annual meadow-grass, Betony, bull, calves, cows, Devil's-bit Scabious, enchanter's nightshade, eyebright, flowers, former industrial landscape, garlic mustard, grasses, greater plantain, harebell, hart's-tongue fern, Hawthorn, Ilam Country Park, Ilam Cross, Ilam Hall, Ilam village, industrial landscape, lamb, Lesser Burdock, Maidenhair Pleenwort, Paradise Walk, Peak District, power station, Rabbit, River Manifold, rowan, Sheep's Fescue, Small Teasel, stile, The Battle Stone, tormentil, unimproved grassland, wind farm
Richard and I had a weeks holiday in the Peak District during August and stayed in our caravan as usual and at a favourite site. We travelled on the 15th taking Elinor with us and once we had set up the caravan and had had a short rest we then drove to Sheffield as Elinor would be staying the week with Alice. We had a cup of tea, a nice chat with Alice and Richard met Mona, Alice’s cat for the first time.
Richard and I then returned to our caravan near Leek in Staffordshire calling in at the supermarket on the way where we bought enough food to keep us going for most of the week. We couldn’t find anywhere to buy a take-away meal so we heated up a ready-made lasagna in the oven and had a very late but tasty dinner.
The weather forecast was for four days of good weather followed by cooler rainy weather so we thought we’d do as much walking in the dry at the beginning of the week as we could. Our first full day was also Richard’s birthday and we decided to have lunch at the White Hart in Leek where we know we can get very nice Staffordshire oatcakes filled with cheese and bacon or cheese and sausage. Before going in to Leek we had to put the awning up on the caravan. An awning (for those who don’t know) is a tent, shelter or canopy which is attached to the side of a caravan which provides a little extra space to live in. We find ours very useful, especially in wet weather as we can keep our soggy shoes and coats out there.
After lunch we tried to find a wood I wanted to walk in but we had great difficulty following the directions to it. In the end we gave up and went to Ilam Park and walked from there.
From the carpark we walked towards the remains of the hall and through the archway to the other side of the building.
The gardens are very attractive and have places to sit and admire the scenery. We made our way through the pleasure grounds, the path descending towards the River Manifold.
Paradise Walk is a Lime tree avenue where, in its heyday, the owners of the hall and their guests could walk and talk and admire the parkland.
This cross shaft, known as the ‘Battle Stone’ has been set in a little enclosure at the side of the Paradise Walk. It is strange to us to find that people in former times were happy to use any material they found to build their houses, even part of a cross!
This was the first time I had ever seen this plant and it took me some time to ID it. My photograph isn’t the best and I wasn’t too sure where to start my search. The plant is often found on damp, disturbed ground near woodland edges and near streams and rivers.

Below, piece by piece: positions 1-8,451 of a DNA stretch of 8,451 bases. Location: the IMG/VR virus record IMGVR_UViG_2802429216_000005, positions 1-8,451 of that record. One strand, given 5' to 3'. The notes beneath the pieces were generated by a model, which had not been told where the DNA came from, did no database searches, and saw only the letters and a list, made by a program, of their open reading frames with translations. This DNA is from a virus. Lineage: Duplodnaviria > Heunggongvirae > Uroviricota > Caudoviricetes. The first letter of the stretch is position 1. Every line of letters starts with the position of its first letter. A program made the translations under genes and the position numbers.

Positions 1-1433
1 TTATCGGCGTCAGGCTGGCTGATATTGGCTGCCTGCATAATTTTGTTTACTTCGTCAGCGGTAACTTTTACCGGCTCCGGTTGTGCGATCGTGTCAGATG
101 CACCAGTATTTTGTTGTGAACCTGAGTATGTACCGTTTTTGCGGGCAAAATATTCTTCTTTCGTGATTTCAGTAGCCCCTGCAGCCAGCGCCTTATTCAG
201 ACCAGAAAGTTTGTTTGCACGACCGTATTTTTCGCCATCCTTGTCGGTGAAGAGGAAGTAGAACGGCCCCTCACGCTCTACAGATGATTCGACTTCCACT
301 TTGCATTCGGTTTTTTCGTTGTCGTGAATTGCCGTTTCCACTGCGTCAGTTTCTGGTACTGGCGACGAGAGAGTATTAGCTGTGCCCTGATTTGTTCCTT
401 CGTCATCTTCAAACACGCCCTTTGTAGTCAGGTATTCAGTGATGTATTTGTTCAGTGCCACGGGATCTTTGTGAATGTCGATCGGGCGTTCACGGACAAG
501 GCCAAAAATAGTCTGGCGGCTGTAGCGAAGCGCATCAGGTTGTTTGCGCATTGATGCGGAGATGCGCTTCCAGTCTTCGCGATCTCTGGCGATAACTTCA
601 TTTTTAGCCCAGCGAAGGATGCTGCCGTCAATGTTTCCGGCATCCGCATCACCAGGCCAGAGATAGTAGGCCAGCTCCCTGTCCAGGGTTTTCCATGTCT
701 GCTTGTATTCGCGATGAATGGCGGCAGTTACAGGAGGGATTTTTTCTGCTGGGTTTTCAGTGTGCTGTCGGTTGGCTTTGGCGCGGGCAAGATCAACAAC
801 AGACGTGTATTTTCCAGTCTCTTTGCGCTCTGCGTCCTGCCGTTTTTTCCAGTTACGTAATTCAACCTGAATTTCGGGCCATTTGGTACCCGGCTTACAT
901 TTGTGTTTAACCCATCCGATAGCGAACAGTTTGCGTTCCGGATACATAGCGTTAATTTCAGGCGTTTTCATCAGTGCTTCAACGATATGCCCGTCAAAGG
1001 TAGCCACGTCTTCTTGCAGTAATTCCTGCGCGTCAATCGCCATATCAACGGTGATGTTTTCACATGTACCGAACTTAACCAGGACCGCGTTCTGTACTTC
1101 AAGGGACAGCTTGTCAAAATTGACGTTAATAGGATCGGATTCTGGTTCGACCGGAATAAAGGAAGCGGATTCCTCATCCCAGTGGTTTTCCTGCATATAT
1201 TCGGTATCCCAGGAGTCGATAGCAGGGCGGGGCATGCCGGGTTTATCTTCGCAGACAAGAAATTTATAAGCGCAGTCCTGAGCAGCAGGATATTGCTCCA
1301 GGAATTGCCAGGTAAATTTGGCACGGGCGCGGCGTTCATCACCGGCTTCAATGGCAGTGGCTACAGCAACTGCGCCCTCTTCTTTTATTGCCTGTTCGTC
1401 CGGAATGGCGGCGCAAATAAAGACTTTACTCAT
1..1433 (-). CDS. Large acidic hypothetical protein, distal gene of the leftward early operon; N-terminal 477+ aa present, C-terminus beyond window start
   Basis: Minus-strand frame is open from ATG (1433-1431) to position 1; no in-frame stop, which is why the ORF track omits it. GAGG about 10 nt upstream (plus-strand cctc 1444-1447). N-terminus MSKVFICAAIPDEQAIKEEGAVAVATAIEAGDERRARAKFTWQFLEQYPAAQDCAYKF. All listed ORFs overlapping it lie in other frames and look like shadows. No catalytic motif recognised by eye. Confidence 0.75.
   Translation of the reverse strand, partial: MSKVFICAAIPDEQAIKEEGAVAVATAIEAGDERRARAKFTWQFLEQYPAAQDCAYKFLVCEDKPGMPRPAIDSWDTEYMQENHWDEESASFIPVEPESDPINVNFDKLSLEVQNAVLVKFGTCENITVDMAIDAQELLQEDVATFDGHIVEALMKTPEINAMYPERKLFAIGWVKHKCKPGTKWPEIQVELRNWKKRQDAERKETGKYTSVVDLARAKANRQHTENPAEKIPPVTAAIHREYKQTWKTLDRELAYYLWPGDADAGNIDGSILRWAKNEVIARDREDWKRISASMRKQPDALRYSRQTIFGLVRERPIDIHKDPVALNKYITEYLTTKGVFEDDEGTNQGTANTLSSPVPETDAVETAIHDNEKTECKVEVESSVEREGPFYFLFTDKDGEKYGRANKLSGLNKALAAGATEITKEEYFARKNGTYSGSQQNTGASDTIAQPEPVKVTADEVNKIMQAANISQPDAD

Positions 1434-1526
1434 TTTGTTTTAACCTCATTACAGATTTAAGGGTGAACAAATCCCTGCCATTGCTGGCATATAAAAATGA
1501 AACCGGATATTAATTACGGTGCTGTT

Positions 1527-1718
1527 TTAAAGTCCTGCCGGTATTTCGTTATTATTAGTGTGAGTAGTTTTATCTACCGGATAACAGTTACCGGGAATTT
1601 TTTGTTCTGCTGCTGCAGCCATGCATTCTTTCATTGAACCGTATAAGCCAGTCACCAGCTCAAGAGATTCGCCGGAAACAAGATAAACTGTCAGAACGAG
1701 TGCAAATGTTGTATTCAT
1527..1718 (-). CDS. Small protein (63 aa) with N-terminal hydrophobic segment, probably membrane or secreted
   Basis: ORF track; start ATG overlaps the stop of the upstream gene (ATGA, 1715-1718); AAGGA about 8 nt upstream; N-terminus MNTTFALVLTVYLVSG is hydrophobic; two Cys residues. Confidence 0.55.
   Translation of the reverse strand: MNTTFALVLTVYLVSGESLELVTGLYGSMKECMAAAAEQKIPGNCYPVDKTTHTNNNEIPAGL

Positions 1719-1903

We went over the river at the next bridge and then crossed a meadow the ascent of which gradually got steeper.
The calves were a little curious but the cow continued calling to them and they stayed with her.
At the top of the field was a bull and a couple of cows. Fortunately, they were more interested in eating than in us because we were quite puffed by the time we had got to the top of the field and I don’t think we could have run anywhere!
I’m afraid the photos got more out of focus the further up the hill I got. It was all I could do to keep my footing.
We were glad to get to the top and catch our breath. There was still rising ground to cover but the really steep bit was finished with.
Eyebright is slowly becoming rarer because it is semi-parasitic on the roots of other plants and will only grow in undisturbed grass land. There is very little undisturbed grassland in this country.
Both pictures are typical of cattle-farming country. The well-trampled area next to the gateway and water-trough which in wet weather is extremely squelchy. The bank of nettles beyond the trough…
This is the interesting thing about the Peak District. The whole area has been industrial at some period in its history. We may be out on the moors and seemingly miles from anywhere but industry or the effects of industry surround us.
We began the descent towards Ilam village.
This may look like a rather uninteresting patch of grass with a few flowers in it. However, in this approximately 40cm x 40cm piece of land there are at least three different types of grass and more than six different flowering plants, not all in flower. True diversity!
The path was much clearer in real life than in my photograph. An indentation in the soil; the grass growing differently on the path and the light reflecting off it in a different way making it look lighter, sometimes darker than the surrounding grass. I’m sure it would be more obvious at sunset or sunrise or with a dusting of snow on it.
We had descended to the valley again and entered Blore Pastures Wood by the stile.
We saw this enormous plantain next to the road as we approached Ilam.
The cross was badly damaged in a storm some years ago but has recently been completely restored.
The village was full of people enjoying the evening sunshine. I had hoped to photograph the houses and the bridge but there were too many people in the way.
A most enjoyable walk in glorious sunshine.
Thanks for visiting!